Woody Allen's "Café Society" fails to impress
When it comes to some filmmakers, I find that while I am able to fully admire their craft and ingenuity, I can never seem to “get on their wavelengths.” Woody Allen is one such filmmaker. Allen can be hilarious, clever and insightful with his writing and directing, but I’ve never been able to genuinely love even his very best work, such as “Annie Hall.” That being said, I typically find his work to be highly enjoyable and even ingenious, which is why I am struggling so much with “Café Society.” It is well-directed, well-acted, well-filmed and overall well-made, but I generally expect something a little more innovative and original from Woody Allen. So should I praise it for its competency or lambast it for its lack of creativity?
At the heart of “Café Society”’s rambling narrative lies Bobby Dorfman (Jesse Eisenberg), a Jewish boy from New York City during the 1930s who moves to Hollywood in hopes of getting a job with his uncle Phil (Steve Carell), a famous talent agent. At his uncle’s office, Bobby meets Vonnie (Kristen Stewart), and the two begin a tenuous romance despite her initial confession that she is already seeing someone. It turns out that “someone” is Uncle Phil, and what follows is the story of a love triangle with Vonnie at the apex. As one might expect from Allen, the story is not actually as simple as I just made it sound; the film contains numerous subplots which seem to connect back to the actual story — if you’re a particularly forgiving audience member. Allen also narrates the story, which I initially thought might be used in a meta manner similar to in “Annie Hall.” No such luck. Occasionally the narration is humorous, but most of the time it feels like background noise that was gifted a microphone.
For the most part, the actors are all talented, and they play their parts well. Eisenberg, in particular, is the heart and soul of the film. If “The Social Network” proved anything, it was that Eisenberg is a talented actor. Sadly, he’s been typecast in more or less the same role since then: geeky, awkward and fast-talking. He is all of those things in “Café Society” but with an added layer of nuance. Eisenberg reveals a depth I hadn’t yet seen in him as he demonstrates Bobby’s simultaneous naiveté and heartache. Carell’s performance is fascinating because his character starts out as a caricature and yet he is never played for laughs. It took me a while to realize that this was going to be one of Carell’s “serious” performances, but once I did, I appreciated the complexity he brought to the character. Carell has the unique ability to make sensitivity and abrasiveness not seem like polar opposite character traits but instead manifestations of a fully-rounded personality.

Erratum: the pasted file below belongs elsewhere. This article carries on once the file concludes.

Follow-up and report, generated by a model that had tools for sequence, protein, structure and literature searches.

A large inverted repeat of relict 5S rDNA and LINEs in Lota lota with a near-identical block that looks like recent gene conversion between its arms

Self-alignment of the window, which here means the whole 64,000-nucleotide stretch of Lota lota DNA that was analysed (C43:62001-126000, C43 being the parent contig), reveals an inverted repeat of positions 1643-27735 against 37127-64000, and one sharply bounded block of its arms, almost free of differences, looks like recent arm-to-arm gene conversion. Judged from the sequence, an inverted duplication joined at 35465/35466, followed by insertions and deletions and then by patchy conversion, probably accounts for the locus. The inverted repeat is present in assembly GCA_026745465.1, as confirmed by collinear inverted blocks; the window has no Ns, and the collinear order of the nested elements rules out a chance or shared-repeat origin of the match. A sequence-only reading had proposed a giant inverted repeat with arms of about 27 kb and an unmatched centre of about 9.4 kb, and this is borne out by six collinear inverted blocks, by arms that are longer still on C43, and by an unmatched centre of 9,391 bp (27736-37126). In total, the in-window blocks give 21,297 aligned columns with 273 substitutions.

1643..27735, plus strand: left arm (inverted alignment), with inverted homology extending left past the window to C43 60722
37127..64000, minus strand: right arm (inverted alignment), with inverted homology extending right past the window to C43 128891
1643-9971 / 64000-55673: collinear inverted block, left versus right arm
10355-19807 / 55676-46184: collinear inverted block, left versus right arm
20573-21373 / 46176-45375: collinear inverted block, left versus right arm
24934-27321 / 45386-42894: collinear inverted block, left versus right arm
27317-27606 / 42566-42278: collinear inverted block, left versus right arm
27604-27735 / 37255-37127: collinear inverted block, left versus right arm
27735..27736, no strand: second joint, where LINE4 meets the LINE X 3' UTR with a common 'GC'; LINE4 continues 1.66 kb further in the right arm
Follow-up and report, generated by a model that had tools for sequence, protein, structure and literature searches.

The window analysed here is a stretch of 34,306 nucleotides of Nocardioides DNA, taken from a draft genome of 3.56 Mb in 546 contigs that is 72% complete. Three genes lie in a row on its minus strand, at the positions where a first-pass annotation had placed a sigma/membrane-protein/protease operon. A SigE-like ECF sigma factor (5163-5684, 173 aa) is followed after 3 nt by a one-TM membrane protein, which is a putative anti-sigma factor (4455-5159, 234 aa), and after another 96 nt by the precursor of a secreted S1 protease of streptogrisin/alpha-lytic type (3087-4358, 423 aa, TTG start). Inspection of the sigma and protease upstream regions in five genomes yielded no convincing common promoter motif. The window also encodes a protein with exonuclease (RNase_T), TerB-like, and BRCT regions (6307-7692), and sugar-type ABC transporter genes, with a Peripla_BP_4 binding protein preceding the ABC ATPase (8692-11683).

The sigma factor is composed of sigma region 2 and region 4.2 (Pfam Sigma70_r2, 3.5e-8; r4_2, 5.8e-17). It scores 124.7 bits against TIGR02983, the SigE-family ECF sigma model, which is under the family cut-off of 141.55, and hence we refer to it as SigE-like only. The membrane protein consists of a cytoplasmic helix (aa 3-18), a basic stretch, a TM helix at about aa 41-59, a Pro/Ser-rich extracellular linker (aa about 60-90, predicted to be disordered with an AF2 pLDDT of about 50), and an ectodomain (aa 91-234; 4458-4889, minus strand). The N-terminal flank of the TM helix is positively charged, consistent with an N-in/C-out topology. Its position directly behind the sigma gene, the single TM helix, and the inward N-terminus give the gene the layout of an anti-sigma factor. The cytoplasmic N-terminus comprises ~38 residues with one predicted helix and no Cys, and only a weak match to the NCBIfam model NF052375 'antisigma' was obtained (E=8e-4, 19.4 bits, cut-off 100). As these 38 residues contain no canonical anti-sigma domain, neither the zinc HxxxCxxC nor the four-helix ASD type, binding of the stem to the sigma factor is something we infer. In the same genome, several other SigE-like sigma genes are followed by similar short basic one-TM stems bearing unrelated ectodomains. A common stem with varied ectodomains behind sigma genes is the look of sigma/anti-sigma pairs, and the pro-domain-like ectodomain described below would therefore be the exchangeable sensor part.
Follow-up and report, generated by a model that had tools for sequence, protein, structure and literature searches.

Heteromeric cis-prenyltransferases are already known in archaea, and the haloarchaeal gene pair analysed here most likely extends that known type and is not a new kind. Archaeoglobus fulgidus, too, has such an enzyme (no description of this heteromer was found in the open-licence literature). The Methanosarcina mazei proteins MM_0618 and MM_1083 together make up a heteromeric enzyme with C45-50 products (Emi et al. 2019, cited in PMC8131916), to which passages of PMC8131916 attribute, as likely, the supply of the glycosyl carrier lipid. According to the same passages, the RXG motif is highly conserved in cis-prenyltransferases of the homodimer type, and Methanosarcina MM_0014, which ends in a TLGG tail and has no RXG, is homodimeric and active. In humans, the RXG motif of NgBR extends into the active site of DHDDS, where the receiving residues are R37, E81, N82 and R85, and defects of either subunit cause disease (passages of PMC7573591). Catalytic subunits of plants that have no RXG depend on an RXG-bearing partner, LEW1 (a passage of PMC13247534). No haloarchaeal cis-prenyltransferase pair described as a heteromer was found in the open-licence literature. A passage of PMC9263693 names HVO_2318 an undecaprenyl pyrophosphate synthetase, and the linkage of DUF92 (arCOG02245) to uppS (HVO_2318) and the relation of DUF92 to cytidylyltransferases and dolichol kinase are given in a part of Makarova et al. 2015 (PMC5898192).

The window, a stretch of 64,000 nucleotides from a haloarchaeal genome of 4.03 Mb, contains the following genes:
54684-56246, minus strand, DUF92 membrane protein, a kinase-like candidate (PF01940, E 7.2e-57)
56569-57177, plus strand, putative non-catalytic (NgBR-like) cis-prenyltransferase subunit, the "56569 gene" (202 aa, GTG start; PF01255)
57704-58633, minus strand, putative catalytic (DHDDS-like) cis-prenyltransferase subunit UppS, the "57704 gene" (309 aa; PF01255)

The supporting cast is universally good, with the exception of Stewart who is, in my opinion, the film’s biggest misfire. Stewart is a good actress, and she plays her part well, but that’s sort of the problem: She’s merely good. When Bobby and Phil talk about her you would think they were referring to someone like Holly Golightly from “Breakfast at Tiffany’s.” But try as she might, Stewart is just no Audrey Hepburn. She’s talented, to be sure, but she didn’t convince me that Vonnie was all that special, and the whole crux of the movie relies on our conviction that Vonnie is truly the most angelic being that either Bobby or Phil has ever encountered.
“Café Society” was exceedingly funny while I was watching it, but now that I’m writing this a few days later, I can’t remember a single joke or funny scene. Likewise, the plot seemed clever at the time, but now I can barely recall it beyond the basic premise. The film divides itself into two halves in a similar fashion to “La La Land.” At first I was curious to see what Allen would do with the second half of the movie, but as the film progressed I felt that the later half really wasn’t necessary.
When it comes to cinema, I think there is an important distinction between passive films and active films. Active films are those films which work to actively engage the audiences’ brains either because they are so creative (something like “Star Wars”) or because they present a set of meaningful and complex ideas (the entirety of Stanley Kubrick’s filmography). Passive films are those films which ask you to sit back and relax while a series of moving images are projected onto a screen without any need for you to engage with the film after it is finished (every film Michael Bay has ever made). “Café Society” is fun while you watch it yet totally forgettable once you exit the theater. It’s well-crafted with nowhere exciting to go. Simply put, it is a prime example of a passive film. But I guess as far as passive films go, “Café Society” isn’t half bad.